The tourists and passers-by may only trample it during the day, but I wander along the South Bank like Cillian Murphy waking up from a coma in 28 Days Later, when the zombies have emptied the capital of its inhabitants. Zigzagging in the fading drunkenness, I dance, I sing, as soft colours horizontally warm up the sky. I breathe in the morning air, a petrichor that belongs only to the unholy hours when the commuter rises early to catch his train, crossing paths with the unfortunate reveller who couldn’t afford a taxi to reach his fresh sheets, for it is the product of the morning dew, not the rain. I was once told that petrichor is Greek for “blood of stone” and that it is actually ozone from the atmosphere combined with components of the asphalt. For me, it’s more like a natural shower. My hair and clothes reek of various scents of tobacco, spilled alcohol, and cheap perfumes that my night’s blunders sprayed themselves with… blunders, because I am alone, admiring or enduring the sunrise from the balcony of the National Theatre. The city awakens and mesmerises me in one of those rare moments of tranquillity that precede great battles.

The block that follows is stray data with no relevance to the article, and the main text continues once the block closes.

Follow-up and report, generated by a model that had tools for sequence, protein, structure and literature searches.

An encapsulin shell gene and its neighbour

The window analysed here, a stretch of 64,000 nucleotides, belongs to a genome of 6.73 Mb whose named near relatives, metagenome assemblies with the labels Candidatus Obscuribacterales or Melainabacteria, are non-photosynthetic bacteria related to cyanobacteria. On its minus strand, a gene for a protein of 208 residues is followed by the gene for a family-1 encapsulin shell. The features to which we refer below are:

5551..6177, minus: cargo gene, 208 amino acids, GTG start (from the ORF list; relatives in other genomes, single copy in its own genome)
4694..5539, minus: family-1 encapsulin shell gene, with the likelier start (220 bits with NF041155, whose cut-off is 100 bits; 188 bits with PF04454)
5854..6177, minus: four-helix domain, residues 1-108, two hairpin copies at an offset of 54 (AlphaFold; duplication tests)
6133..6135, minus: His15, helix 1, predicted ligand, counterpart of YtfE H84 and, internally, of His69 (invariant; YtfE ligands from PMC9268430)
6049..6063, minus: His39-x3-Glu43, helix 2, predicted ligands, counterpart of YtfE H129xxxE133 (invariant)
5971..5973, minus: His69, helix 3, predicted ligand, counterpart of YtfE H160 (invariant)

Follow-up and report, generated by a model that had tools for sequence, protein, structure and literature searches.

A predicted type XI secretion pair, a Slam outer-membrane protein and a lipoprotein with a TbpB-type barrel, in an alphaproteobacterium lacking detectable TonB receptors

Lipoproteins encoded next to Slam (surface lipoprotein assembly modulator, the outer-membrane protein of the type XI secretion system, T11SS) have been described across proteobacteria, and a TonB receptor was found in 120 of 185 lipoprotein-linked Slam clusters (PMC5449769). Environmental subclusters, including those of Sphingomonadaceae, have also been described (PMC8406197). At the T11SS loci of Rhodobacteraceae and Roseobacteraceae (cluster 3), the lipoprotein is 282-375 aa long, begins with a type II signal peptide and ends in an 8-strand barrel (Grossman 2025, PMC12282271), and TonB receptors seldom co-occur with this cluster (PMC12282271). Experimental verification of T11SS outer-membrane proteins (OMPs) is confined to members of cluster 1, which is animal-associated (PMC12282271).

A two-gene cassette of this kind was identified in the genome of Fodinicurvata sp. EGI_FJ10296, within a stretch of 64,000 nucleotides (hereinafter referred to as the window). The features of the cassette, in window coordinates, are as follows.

South Bank (2023) 81x65cm
Mixed techniques on canvas